the concept involved photographing the talent in some sort of bizarre-looking space suit in an environment that obviously didn’t make any sense for him to be in. visually it needed to have a bold, modern, arresting quality with a photojournalistic bent. i helped the art director pull some images from one of julian’s photographers who fit the bill perfectly. we sold the concept through to the client, who also loved it. the next natural step was to enlist julian and his photographer, begin estimating and have the almighty creative conference call.

before we get to that, let me just say my art director gravitates to the outlandish, the twisted, the deranged. edgy isn’t good enough. it needs to be completely fucked up. when the art director and i got on the phone with the photographer to discuss the concept and his approach, we found him to be surprisingly soft-spoken and very sweet, with a solid point of view about his vision and how best to execute it. but when we got off the phone, the art director said he wasn’t sold. “why the hell not? his answers to how it would look were spot-on,” i implored. more than that, it was this very photographer’s images that helped sell through the concept.

the art director questioned whether the photographer’s personality was outrageous enough. he wanted someone as fucked up as the concept. i did my best to explain that, more often than not, it’s the quiet, “normal” ones you gotta watch out for. their deviance is expressed through their work. still, he wasn’t confident enough that his energy would bring out the crazy in the talent. “he’s wearing a fucking hazmat space-suit thingy. how the hell are you supposed to bring out personality in that?” i just didn’t get it.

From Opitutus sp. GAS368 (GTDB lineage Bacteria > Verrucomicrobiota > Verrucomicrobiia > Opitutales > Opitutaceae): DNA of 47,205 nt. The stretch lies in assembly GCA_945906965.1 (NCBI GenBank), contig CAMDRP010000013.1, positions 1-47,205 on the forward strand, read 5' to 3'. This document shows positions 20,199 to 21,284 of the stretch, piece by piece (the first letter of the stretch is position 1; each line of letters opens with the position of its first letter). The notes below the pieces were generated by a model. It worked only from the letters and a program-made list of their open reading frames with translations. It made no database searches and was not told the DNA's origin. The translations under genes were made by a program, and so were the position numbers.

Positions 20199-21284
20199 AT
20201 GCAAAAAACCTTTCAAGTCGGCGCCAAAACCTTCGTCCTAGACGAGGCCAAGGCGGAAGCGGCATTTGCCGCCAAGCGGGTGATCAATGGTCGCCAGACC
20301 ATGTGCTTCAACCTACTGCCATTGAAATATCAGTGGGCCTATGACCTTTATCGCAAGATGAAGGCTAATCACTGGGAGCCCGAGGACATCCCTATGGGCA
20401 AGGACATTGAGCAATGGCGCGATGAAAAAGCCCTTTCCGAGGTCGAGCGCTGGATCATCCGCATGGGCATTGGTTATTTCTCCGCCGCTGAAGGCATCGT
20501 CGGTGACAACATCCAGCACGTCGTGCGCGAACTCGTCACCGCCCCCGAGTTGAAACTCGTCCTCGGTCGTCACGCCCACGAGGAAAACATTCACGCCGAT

i immediately called julian and explained the situation. after a barrage of hysterical ricky gervais-esque retorts, he said, “i’ve got it! if he wants an outlandish, perverted personality, let’s give it to him. let’s do the call again after the weekend.”

“how would that change anything?” i asked.

“because i’ll pretend to be the photographer.”

monday came, and we did the call again. this time “the photographer” appeared to have dipped into his secret stash of crack cocaine. he was explosive, spastically spewing all sorts of deranged nonsense at 150 miles per hour. there was no getting a word in if you wanted to; between his brilliant psychobabble he was panting profusely, as if he were simultaneously doing one-handed push-ups.

the art director LOVED it. ate up every word and the crazy energy behind it. toward the end of the call they exchanged some perverted absurdity, and the next thing i knew it was locked and loaded. i stood there in complete shock, desperately trying to contain my laughter. my art director didn’t seem to think it was odd that a person could do a complete 180 in personality. even more shocking, he also didn’t notice that halfway through the diatribe, a heavy british accent crept into the conversation. people often overuse the expression “peed my pants,” but i literally urinated—not in a toilet—from the hilariousness of it all.